A recent report published by the Alliance Canada Hong Kong concludes the CCP network’s reach is extensive: “The fundamental goal is to advance Beijing’s agenda by either supporting candidates deemed favorable or sabotaging candidates perceived as a threat… Foreign interference in an election can happen at any time: throughout a nomination race, during the writ period, a one-off event supporting or demonizing a candidate, or through continuous and organized interventions.”

With something as significant as the integrity of Canada’s democratic process, one must wonder why the Trudeau Liberals have been so adamant in the narrative, “There’s nothing to see here. Move along…” 

2 – CCP–Liberal business interests 

The tangled web of CCP—Liberal business interests is thick. It starts with the Power Corp’s major investments in China – and the Desmarais family’s too-many-to-mention ties with the Trudeaus (Sr. & Jr.), Chretien, Martin, and Rae. In Toronto, there is a similar network plotting out Liberal political fortunes, involving Wei Chengyi, Weng Guoning, Paul Chiang, Han Dong, former Liberal minister and Chinese Ambassador John McCallum, and current small business minister Mary Ng. Add to this former Chinese Ambassador (and McKinsey global managing partner) Dominic Barton and his wife, who happens to be the Asian Pacific Chairman for Blackrock’s investments. 

Seriously, there are too many potential conflicts here. Canadians should be provided a program with the interplay between the extensive business interests and political players. 

1 – The mysteries at the Winnipeg Lab

Perhaps the greatest reason a full-blown review of the Trudeau Liberals-CCP relation is required involves the mysteries of the Winnipeg Lab, the country’s highest-security infectious-disease laboratory. In 2019 the Winnipeg Lab and Wuhan Lab in China were conducting joint virus research work. It has been reported that the scientists were conducting experiments on deadly pathogens. Then two scientists were unceremoniously escorted out, and later fired from the Winnipeg Lab (and now their whereabouts unknown). 

Since the outbreak of COVID, the Trudeau government has been stonewalling every effort to get answers to the burning questions about the joint virus research and the missing fired scientists.  The Liberals have been held in contempt of Parliament and PM Trudeau prorogued the House and called an election to avoid having to provide evidence on this matter.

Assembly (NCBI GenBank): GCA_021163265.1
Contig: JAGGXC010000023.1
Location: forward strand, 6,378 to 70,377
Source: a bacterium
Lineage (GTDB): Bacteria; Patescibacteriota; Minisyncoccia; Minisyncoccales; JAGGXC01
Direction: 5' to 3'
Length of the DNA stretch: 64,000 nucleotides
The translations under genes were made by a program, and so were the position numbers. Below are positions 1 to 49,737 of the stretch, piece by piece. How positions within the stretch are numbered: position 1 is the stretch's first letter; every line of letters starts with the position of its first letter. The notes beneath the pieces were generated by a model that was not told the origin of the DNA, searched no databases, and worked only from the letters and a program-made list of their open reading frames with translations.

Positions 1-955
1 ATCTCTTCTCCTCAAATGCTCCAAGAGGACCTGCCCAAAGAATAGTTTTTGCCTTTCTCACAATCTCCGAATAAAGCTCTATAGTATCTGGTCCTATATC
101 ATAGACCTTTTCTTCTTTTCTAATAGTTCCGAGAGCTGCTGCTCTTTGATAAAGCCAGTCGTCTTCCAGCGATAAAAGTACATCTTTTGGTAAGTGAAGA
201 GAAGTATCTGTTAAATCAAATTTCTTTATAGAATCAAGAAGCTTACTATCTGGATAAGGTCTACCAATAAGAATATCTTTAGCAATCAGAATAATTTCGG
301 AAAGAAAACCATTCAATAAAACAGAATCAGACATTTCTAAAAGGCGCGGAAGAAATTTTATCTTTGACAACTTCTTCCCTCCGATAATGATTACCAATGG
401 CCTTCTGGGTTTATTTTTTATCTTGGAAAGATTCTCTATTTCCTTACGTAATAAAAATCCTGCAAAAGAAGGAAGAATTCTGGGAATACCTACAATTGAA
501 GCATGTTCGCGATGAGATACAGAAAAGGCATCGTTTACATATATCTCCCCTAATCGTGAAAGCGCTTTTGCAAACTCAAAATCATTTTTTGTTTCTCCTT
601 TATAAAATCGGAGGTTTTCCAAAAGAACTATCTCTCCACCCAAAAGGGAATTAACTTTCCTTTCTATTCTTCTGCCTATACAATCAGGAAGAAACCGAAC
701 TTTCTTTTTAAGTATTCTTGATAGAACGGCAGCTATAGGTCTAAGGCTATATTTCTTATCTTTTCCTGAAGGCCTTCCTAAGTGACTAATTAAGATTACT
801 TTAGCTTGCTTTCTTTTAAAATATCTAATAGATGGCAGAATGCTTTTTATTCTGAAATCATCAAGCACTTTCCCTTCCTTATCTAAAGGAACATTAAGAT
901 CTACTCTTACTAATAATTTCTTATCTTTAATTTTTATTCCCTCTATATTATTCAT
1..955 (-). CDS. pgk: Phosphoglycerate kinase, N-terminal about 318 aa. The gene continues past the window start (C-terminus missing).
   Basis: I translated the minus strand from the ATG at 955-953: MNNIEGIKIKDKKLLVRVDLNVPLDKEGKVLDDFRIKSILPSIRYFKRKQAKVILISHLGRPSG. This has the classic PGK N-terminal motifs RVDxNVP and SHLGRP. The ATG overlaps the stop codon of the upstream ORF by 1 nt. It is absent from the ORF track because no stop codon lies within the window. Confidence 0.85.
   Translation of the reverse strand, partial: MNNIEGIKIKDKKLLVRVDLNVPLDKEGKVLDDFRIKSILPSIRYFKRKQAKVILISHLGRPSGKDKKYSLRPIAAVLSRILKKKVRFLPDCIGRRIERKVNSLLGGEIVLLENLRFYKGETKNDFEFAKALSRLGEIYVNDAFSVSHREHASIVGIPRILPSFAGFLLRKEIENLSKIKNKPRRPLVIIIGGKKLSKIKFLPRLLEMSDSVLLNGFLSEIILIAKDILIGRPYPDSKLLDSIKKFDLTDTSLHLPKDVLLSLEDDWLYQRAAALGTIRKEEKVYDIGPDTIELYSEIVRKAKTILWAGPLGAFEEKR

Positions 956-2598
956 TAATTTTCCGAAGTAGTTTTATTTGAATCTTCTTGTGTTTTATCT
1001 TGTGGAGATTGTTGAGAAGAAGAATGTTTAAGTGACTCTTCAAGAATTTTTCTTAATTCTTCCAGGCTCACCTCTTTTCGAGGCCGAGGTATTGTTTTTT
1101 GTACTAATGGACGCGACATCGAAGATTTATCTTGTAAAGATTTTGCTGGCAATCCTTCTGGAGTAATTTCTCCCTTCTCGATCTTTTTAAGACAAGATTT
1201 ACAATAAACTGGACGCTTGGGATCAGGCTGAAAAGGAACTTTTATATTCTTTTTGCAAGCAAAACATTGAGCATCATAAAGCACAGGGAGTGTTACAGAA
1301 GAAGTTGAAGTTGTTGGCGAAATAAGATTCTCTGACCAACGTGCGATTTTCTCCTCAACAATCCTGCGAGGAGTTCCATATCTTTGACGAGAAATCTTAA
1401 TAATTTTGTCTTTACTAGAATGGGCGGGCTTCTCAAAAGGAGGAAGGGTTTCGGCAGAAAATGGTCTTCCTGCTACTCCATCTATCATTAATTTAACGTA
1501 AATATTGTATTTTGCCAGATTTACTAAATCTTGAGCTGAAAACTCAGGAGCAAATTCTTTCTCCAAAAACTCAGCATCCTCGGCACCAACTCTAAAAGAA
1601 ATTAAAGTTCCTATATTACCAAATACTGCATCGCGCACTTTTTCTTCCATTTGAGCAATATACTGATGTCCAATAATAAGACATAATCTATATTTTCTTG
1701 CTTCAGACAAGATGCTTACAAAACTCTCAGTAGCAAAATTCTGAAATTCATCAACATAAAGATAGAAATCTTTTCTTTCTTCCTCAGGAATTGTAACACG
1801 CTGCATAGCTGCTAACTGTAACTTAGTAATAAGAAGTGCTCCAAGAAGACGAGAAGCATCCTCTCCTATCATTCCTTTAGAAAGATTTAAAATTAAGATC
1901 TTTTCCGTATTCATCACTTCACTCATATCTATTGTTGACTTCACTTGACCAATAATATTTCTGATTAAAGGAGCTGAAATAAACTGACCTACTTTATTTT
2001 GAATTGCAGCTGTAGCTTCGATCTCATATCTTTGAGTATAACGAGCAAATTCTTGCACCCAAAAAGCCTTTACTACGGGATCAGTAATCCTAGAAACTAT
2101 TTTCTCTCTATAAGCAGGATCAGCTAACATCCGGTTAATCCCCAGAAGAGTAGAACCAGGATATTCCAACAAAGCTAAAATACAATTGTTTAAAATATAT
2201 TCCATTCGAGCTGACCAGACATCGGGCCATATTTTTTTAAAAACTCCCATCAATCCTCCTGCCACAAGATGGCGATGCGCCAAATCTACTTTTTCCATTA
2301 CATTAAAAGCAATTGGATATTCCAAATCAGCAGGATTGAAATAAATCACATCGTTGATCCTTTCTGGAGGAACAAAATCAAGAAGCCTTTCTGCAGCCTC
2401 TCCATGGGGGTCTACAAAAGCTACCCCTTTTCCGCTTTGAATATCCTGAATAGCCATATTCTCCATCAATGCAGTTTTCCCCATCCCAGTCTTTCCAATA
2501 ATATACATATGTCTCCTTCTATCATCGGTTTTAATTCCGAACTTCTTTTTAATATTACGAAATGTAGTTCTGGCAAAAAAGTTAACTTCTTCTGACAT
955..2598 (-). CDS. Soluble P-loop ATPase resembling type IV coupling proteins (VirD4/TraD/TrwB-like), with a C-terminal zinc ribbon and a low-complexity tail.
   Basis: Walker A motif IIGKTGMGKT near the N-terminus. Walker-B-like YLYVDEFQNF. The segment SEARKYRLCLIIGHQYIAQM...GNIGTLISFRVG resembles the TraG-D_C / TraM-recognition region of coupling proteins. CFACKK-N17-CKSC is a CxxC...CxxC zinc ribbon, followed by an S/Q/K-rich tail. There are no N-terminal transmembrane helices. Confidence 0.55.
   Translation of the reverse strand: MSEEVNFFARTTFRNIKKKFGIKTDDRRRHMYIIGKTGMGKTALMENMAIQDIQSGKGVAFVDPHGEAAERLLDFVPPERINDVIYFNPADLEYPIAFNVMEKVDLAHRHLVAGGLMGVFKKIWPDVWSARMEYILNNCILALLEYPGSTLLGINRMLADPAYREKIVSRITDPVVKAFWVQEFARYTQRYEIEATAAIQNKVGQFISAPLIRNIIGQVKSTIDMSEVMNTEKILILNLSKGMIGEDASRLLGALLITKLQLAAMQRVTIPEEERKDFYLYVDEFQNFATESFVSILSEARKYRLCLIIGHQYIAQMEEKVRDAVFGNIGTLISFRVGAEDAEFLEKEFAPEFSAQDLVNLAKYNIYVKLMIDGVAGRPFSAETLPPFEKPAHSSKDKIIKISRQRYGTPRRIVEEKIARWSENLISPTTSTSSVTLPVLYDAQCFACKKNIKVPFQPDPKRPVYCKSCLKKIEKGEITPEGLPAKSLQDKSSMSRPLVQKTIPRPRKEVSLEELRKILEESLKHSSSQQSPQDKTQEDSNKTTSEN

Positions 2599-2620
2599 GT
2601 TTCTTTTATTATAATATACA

Perhaps Canadians will never know what happened in Winnipeg. They may also never know why Canada shipped PPE to China in late 2019 – leaving our country’s medical community without PPE in early 2020. Why the PM refused to ban flights from China or entertain thoughts that the virus was leaked from the Wuhan lab at the outbreak of the pandemic. Why the PM heralded the ample supply of a Canada-China COVID vaccine, only to be embarrassed a few months later when China reneged on its agreement.

Most frustrating is the fact that newsmen like Sam Cooper, Steven Chase and Robert Fife of the Globe and Mail, Terry Glavin, and uncompromised news outlets such as Blacklock’s Reporter and The Epoch Times have all been diligent in reporting the truth of the matter for years. The international community is aware; the country’s traditional allies now look suspiciously at the Trudeau government for its relations with the CCP. Remarkably, Canadians appear to be sleepwalking. It should be required reading for Canadians to delve deeper into these ten issues and read the aforementioned news sources. 

The last word goes to former Canadian ambassador to China David Mulroney, who recently warned a parliamentary committee, “The (CCP) party’s objective is to transform Canada into a compliant country that perpetually looks over its shoulder to be sure what it says and does meets Beijing’s approval. Beijing’s objective is a degree of influence — in our democracy, our economy, our foreign policy and even in daily life in some of our communities — beyond the ambitions of any other country.”

So, what will it take to begin asking the serious questions about the CCP and its influence in Canada?